Wilde v. City of Dunsmuir

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Justia Opinion Summary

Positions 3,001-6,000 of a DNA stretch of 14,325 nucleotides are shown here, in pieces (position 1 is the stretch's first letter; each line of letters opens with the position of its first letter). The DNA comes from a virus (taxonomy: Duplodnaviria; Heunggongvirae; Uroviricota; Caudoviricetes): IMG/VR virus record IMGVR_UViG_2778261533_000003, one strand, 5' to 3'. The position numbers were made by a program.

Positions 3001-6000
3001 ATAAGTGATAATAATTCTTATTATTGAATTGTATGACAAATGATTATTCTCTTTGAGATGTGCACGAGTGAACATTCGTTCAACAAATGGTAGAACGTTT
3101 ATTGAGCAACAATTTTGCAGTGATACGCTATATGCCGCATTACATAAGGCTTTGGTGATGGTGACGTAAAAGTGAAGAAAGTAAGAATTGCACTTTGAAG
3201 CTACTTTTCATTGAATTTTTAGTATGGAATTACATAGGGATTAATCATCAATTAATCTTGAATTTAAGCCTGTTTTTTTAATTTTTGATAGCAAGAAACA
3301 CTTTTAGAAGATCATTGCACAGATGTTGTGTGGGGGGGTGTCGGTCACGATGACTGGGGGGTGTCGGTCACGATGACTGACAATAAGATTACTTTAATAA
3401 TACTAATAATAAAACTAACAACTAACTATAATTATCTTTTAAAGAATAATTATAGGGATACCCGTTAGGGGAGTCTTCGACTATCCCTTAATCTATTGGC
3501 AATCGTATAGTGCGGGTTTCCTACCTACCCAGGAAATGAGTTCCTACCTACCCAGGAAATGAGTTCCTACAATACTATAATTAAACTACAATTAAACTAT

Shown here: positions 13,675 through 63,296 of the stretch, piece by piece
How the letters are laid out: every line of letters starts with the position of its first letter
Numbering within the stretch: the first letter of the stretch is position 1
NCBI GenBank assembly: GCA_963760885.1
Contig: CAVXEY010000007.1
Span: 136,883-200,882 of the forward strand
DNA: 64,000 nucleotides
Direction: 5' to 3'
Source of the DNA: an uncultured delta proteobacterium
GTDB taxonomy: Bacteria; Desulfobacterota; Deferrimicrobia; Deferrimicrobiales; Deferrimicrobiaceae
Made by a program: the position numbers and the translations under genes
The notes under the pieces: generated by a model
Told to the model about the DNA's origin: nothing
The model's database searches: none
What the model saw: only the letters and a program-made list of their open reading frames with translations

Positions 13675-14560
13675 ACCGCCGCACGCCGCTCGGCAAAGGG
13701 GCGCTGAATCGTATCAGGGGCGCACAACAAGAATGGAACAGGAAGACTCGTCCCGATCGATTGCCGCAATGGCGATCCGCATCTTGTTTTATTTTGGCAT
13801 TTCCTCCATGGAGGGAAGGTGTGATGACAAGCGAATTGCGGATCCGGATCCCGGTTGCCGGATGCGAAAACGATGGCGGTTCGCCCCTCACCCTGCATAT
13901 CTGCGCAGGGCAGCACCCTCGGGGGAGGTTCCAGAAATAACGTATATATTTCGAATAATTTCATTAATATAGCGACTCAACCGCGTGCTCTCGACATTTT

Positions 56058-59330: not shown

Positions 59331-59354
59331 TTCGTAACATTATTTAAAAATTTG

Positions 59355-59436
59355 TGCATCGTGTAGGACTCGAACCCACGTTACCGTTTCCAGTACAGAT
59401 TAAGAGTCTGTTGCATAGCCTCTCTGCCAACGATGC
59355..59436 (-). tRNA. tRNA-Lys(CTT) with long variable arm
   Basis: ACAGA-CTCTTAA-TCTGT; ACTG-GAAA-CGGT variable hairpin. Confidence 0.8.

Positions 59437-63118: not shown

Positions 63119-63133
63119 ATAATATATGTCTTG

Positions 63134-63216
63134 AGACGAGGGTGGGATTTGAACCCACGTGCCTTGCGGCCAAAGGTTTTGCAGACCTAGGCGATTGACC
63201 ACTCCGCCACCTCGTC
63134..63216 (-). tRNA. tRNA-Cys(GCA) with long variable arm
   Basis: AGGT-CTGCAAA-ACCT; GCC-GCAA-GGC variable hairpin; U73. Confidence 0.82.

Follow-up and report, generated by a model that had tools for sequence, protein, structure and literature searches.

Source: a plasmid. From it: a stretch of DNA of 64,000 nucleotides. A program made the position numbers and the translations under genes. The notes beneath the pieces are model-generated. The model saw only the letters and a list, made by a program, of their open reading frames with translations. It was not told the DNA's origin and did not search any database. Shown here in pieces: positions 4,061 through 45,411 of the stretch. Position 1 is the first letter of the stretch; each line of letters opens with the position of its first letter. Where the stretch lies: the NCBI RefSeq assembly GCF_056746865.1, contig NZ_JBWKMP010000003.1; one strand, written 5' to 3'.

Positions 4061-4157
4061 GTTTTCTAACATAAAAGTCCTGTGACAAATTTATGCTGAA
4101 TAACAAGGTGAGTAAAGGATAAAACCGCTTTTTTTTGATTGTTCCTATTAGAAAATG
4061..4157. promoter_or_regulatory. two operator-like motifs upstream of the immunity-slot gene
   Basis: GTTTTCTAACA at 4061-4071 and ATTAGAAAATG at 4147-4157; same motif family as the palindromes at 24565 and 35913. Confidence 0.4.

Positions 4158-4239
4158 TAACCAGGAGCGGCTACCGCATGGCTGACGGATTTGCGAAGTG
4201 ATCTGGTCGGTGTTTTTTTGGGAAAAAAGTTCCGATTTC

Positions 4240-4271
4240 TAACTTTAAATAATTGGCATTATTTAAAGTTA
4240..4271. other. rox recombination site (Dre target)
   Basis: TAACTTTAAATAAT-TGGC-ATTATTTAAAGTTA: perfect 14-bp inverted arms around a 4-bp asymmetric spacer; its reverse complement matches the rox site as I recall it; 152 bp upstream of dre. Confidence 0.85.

In 1996, California voters adopted Proposition 218 (as approved by voters Gen. Elec. Nov. 5, 1996, eff. Nov. 6, 1996 [as of Nov. 14, 2018], archived at ) (Proposition 218) to add article XIII C to the California Constitution by which they expressly reserved their right to challenge local taxes, assessments, fees, and charges by initiative. At issue in this case was whether section 3 of article XIII C to the California Constitution silently repealed voters’ right to challenge by referendum the same local levies for which they expressly preserved their power of initiative. The City of Dunsmuir (City) rejected a referendum measure submitted by one its residents, Leslie Wilde. The City rejected the referendum even though there was no dispute Wilde gathered sufficient voter signatures to qualify the referendum for the ballot to repeal Resolution 2016-02 that established a new water rate master plan. The City’s concluded its resolution establishing new water rates was not subject to referendum, but only voter initiative. Wilde petitioned for a writ of mandate in superior court to place the referendum on the ballot. At the same time, Wilde gathered sufficient voter signatures to place an initiative on the ballot to establish a different water rate plan. The trial court denied Wilde’s petition, and the City’s voters rejected Wilde’s initiative, Measure W. On appeal, Wilde contended the trial court erred in refusing to order the City to place her referendum on the ballot. The Court of Appeal concluded this appeal was not moot, and that the voters’ rejection of Wilde’s initiative water rate plan did not establish that the voters would necessarily have rejected Wilde’s referendum on the City’s water rate plan. On the merits, the Court concluded the voters’ adoption of Proposition 218 did not abridge voters’ right to challenge local resolutions and ordinances by referendum. The trial court erred in finding the City’s water rate plan was an administrative decision not subject to voter referendum. The resolution adopting an extensive water upgrade project funded by a new water rate plan was legislative in nature and therefore subject to voter referendum.